Brain­child

Gra­ham’s car was ac­tu­ally called a Ku­dos, and had been built by Square One De­vel­op­ments Ltd. It was one of about five kits pro­duced be­tween 1992 and ’95. The car had been the brain­child of Peter Pel­lan­dine, a well-known fig­ure in the English kit-car world. His first cre­ation was the Ash­ley 750/Fal­con MKI, sold here dur­ing the late ’50s as the Tiki and Puma. An­other was the Fal­con MKIII, one of the UK’S best-sell­ing kit cars, with around 2000 sales (an in­ter­est­ing aside is that the Fal­con MKIII was de­signed in Gis­borne, NZ, with the help of Jim Mccul­loch).

Un­til the late ’70s Peter was churn­ing out car af­ter car. The Pelland Sports, a car that would even­tu­ally evolve into the Pelland, was de­signed while he was liv­ing in Aus­tralia. Although some were sold in Aus­tralia, most were pro­duced and sold in Eng­land upon his re­turn, in 1978. Af­ter the Pelland, Peter took a break from car de­sign, and it was 10 years be­fore break­ing the world steam car speed record tempted him back to the draw­ing board. Break­ing world records is not cheap — Peter needed money to fund his at­tempt, and the best way to make money was to de­sign and build cars. Which con­ve­niently brings us full cir­cle to Robin’s car.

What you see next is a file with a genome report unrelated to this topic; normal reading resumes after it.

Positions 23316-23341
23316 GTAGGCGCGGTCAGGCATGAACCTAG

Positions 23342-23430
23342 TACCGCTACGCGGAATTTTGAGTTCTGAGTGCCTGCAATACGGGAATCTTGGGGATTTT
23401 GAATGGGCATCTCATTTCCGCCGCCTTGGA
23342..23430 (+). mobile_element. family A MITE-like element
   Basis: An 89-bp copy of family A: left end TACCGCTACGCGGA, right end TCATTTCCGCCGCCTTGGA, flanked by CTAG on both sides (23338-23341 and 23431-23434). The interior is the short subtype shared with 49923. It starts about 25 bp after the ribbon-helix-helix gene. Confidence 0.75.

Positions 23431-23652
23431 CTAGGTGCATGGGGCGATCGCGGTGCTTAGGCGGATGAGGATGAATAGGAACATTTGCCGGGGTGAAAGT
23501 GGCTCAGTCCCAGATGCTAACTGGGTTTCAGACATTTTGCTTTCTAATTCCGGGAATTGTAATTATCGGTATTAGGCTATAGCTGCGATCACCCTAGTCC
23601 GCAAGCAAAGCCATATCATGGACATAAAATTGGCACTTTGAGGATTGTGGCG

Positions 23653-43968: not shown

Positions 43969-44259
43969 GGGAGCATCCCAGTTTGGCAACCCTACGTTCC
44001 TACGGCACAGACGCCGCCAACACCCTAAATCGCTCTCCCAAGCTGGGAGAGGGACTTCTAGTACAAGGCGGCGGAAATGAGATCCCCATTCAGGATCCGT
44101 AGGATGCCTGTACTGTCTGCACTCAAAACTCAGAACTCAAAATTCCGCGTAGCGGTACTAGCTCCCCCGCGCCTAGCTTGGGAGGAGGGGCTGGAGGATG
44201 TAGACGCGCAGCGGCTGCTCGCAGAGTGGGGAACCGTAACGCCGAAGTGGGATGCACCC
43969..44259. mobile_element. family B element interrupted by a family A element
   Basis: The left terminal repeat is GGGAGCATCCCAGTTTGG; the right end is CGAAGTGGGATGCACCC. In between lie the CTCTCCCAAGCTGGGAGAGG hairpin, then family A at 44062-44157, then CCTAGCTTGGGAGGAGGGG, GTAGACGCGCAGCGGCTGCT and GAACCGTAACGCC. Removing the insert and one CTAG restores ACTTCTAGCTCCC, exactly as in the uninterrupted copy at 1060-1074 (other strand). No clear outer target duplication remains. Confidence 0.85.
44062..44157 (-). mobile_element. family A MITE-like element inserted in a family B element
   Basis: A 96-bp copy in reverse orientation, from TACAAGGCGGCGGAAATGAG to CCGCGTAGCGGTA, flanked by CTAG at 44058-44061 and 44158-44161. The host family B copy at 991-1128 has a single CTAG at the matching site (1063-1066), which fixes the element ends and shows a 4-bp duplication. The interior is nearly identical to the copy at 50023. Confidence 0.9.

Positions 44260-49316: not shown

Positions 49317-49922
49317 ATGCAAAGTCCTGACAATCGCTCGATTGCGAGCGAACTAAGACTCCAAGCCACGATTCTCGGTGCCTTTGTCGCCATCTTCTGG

To fund the at­tempt, Peter mod­i­fied the fi­bre­glass mono­coque car he was build­ing for the steam land speed record to take Al­fa­sud parts, and called it the Pelland Coupé. The styling of the orig­i­nal Pelland Sports was up­dated, and a roof was added. Peter built at least two of these cars be­fore sell­ing it as a com­plete project to Square One De­vel­op­ments. Square One chopped off its chisel nose and called it the Ku­dos.